Listening to AfghanistanJanuary 11, 2010 at 9:23 pm | Posted in International | Leave a comment
The observant among you will note that, in the aftermath of its quite calamitous election, I became increasingly sceptical about the efficacy of NATO’s presence in Afghanistan:
So Karzai’s stolen re-election cuts at the very heart of what the Obama administration is trying to achieve in Afghanistan. Any action it takes from this point on will be seen to reinforce a rotten, corrupt, powerless and fraudulent government which has not brought anywhere near enough safety, security or prosperity to a war-ravaged people. Under these conditions, I can’t see how our presence there will be anything but counter-productive.
At the time, I thought the rationale behind that post was sound: the Obama administration were seeking to practice some form of Counter-Insurgency strategy to stabilise the country. COIN only works when military operations are accompanied by civilian outreach, aid & some measure of state-building. That’s hard enough to do under normal conditions, but Karzai’s election meant that we’d now be seen to be propping up a corrupt leader. Crucially, however, I was disturbed by the prospect of equipping this corrupt & fradulent leader with his own shiny new army.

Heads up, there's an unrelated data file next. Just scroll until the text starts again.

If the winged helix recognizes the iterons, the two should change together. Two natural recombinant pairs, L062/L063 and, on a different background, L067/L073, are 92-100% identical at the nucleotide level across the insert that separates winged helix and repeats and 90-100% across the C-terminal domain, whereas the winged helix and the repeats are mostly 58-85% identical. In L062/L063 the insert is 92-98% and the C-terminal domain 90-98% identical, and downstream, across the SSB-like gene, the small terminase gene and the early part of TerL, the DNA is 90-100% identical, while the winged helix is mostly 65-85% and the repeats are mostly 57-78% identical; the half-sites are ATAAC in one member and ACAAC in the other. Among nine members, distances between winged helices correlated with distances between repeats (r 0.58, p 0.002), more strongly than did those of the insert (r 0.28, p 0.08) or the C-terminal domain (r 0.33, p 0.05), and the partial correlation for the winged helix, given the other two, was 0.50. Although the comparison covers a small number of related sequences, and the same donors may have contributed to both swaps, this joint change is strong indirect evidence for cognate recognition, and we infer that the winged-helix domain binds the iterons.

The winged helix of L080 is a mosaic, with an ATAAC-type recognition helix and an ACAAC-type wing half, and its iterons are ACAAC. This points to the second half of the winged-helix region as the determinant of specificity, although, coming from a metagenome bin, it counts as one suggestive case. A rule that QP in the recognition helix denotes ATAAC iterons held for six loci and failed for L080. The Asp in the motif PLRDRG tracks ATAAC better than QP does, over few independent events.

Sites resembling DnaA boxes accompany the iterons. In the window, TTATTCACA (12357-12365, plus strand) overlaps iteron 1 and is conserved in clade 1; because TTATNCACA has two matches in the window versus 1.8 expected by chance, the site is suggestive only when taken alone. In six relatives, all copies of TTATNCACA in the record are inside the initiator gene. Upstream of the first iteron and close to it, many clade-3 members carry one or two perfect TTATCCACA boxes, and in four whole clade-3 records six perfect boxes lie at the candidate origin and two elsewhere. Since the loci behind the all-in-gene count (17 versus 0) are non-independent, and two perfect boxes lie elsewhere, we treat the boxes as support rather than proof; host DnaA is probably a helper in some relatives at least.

So how to square that position with this poll by the BBC which shows the people of Afghanistan feeling quite chipper about their prospects for the year? Support for the occupying forces is reasonably high, support for either the Taliban or whatever remains of Al Qaeda is low, people have noted improvements to most areas of their lives and, tellingly, economic concerns are beginning to overtake security fears as Afghanistan’s #1 political issue. Even Karzai seems to enjoy favourable approval ratings.
I suppose the small sample size and the massive jump in figures from last year could raise questions about how representative this poll is, but let’s assume for a moment that its conclusions are sound. What to make of it? Well, it’s nice to see that some people are happy, but it doesn’t mean the Afghan mission is succeeding (indeed, most commentors conclude it is not), nor that those seemingly intractable problems have gone away. However, nor can this optimism be swiftly dismissed; many of us look to the year ahead of us in the context of the year just passed, and if the public really is positive about 2010, then it suggests they had a reasonable 2009.
But it does pose us an interesting question: how much weighting should we give to opinion polls as a measure of the success or validity of a military campaign? Should these numbers strengthen the argument for remaining in Afghanistan? Would damning numbers strengthen the argument for leaving? Critics of the Iraq invasion (myself included) frequently pointed to poll numbers which said Iraqis wanted us to leave, but if those numbers had said something different, would that have changed our minds? Probably not, which unfortunately means that we tend to use public opinion only when it suits our position. In something as serious as war and peace, that’s not really satisfactory.